Arnold Kling  

Dinner with Tim Congdon

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The other night, RealClearPolitics hosted a dinner with Tim Congdon, the author of Money in a Free Society. Congdon is a British disciple of Milton Friedman. Scott Sumner knows who he is, but not vice-versa.

Unlike Sumner, Congdon uses a measure of the money supply as an indicator of the stance of monetary policy. Congdon favors a broad measure, M3 in the case of the United States. Actually, to Congdon's dismay, the U.S. stopped publishing official measures of M3 in 2006. However, he thinks that unofficial measures show the excess of money growth leading up to the financial crisis and a steep decline since.

Congdon is dismayed by the politics in the U.S. concerning macroeconomic policy. What I think he is finding is that the people who are most concerned with unemployment happen to be the ones who believe that we are in a liquidity trap, and therefore that monetary policy is ineffective. Congdon thinks the liquidity trap is nonsense, which of course I agree with. Meanwhile, the people who think that monetary policy is effective are the ones who are filled with fear of inflation. Congdon sees no signs of inflation, and I agree with him on that, also. In my view (and I imagine his, although he did not state it), the inflation threat is longer term and comes from the huge debt load. So Congdon's only allies here would be Scott Sumner and the "market monetarists," but when I asked Congdon about market monetarism and about Sumner, he did not know what I was talking about.

I did not blog about Congdon's book when I received a review copy. It deals primarily with the controversies about monetarism and Keynesianism in the 1970s and 1980s. As he pointed out at dinner, it appeared as of 1990 that Friedman had won and that Keynesianism was dormant. Then, in 2008, a Keynesian volcano erupted (Congdon's metaphor), and in Congdon's view the monetarists lapsed into right-wing nuttery, obsessing over inflation. Hence, the need for his book.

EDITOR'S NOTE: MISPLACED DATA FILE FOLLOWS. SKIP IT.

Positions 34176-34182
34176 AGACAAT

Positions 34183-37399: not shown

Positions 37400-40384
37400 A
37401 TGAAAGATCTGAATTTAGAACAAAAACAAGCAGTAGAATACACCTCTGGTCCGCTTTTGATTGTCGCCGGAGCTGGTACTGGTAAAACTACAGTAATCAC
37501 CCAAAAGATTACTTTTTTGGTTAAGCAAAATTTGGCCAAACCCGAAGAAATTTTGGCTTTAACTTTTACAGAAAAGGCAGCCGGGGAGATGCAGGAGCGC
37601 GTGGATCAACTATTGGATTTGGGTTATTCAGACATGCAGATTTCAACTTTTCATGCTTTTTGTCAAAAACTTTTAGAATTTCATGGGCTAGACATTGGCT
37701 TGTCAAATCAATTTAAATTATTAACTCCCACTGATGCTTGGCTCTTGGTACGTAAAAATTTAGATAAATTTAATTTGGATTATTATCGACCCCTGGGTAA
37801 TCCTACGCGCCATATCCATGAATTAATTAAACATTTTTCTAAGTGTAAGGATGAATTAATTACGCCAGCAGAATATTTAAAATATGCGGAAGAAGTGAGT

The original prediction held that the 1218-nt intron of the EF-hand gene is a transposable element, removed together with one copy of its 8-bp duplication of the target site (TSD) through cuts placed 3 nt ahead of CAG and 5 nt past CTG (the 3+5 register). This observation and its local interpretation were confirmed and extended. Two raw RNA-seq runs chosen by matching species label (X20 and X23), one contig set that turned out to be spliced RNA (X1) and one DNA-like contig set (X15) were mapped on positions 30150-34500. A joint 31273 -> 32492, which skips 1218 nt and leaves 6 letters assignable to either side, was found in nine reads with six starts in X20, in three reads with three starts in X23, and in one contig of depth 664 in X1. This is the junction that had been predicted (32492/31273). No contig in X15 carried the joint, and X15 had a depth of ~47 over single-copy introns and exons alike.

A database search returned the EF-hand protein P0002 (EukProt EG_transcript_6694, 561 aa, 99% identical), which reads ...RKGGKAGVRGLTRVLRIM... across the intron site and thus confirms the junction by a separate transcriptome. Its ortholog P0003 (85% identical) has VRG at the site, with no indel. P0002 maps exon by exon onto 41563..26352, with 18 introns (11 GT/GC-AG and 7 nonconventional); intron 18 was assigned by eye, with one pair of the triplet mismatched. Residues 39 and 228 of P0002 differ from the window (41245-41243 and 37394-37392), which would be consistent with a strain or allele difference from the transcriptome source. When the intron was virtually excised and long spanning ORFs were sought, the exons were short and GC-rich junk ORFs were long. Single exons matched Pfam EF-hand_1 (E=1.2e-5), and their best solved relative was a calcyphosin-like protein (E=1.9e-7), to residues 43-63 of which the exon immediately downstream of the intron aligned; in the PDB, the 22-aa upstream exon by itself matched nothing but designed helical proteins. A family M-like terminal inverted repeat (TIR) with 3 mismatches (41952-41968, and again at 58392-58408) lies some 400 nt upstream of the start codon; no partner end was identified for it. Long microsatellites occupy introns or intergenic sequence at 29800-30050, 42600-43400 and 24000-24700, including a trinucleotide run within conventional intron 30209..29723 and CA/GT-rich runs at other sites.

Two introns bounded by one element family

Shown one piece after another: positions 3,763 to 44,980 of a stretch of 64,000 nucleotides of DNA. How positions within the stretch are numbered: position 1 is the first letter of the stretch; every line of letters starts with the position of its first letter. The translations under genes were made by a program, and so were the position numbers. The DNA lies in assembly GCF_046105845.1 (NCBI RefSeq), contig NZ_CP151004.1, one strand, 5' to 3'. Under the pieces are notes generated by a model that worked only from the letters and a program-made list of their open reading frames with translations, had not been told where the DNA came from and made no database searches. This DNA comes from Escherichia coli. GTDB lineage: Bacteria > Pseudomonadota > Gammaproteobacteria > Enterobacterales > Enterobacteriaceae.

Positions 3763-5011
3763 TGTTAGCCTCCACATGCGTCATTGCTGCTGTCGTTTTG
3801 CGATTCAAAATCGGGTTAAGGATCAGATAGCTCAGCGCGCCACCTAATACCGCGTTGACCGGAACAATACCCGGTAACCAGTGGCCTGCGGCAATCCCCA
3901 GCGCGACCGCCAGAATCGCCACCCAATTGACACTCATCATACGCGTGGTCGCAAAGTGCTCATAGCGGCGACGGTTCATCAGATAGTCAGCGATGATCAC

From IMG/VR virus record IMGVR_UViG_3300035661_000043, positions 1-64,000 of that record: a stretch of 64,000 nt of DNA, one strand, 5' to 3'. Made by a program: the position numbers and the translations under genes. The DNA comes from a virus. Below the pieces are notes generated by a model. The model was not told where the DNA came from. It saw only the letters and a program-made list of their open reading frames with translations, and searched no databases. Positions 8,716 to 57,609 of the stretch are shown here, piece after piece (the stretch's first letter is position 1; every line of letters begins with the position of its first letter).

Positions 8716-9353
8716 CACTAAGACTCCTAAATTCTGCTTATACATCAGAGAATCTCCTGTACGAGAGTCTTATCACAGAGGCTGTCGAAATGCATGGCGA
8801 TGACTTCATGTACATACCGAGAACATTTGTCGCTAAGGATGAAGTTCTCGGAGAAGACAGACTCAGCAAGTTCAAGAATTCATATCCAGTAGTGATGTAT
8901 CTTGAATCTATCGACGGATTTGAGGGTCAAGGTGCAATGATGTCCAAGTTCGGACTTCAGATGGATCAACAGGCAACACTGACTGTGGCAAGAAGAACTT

Most of the other attendees at dinner were well-known journalists (I sat between Robert Samuelson and Richard Miniter.) They were not inclined, and perhaps not equipped, to discuss the issues in his book, so we ended up talking more about the European debt crisis or other matters further afield. As the dinner participants introduced themselves, I was struck by how many of the journalists were no longer with the publications with which their names are associated in my mind. More had moved down the circulation ladder than up.

On the European debt crisis, Congdon's concern is that on a mark-to-market basis, most European banks are insolvent, due to their large holdings of sovereign debt, which for a number of countries is now trading at a discount reflecting the market's fear of default. He thinks that the banks should be bailed out with long-term loans (presumably from European taxpayers). He expects the banks to be bailed out in some way, because the alternative is a total financial collapse and something like a Great Depression in Europe.

Somehow, the governments and the banking sector remind me of two drunks leaning on one another, trying to make it home. Have a nice day.


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COMMENTS (7 to date)
Tim Worstall writes:

Just one little clarification I would add.

When Tim Congdon says "European Banks" he doesn't mean what an American might mean by the phrase. He means banks on the continent of Europe, that is, he's not including the UK banks.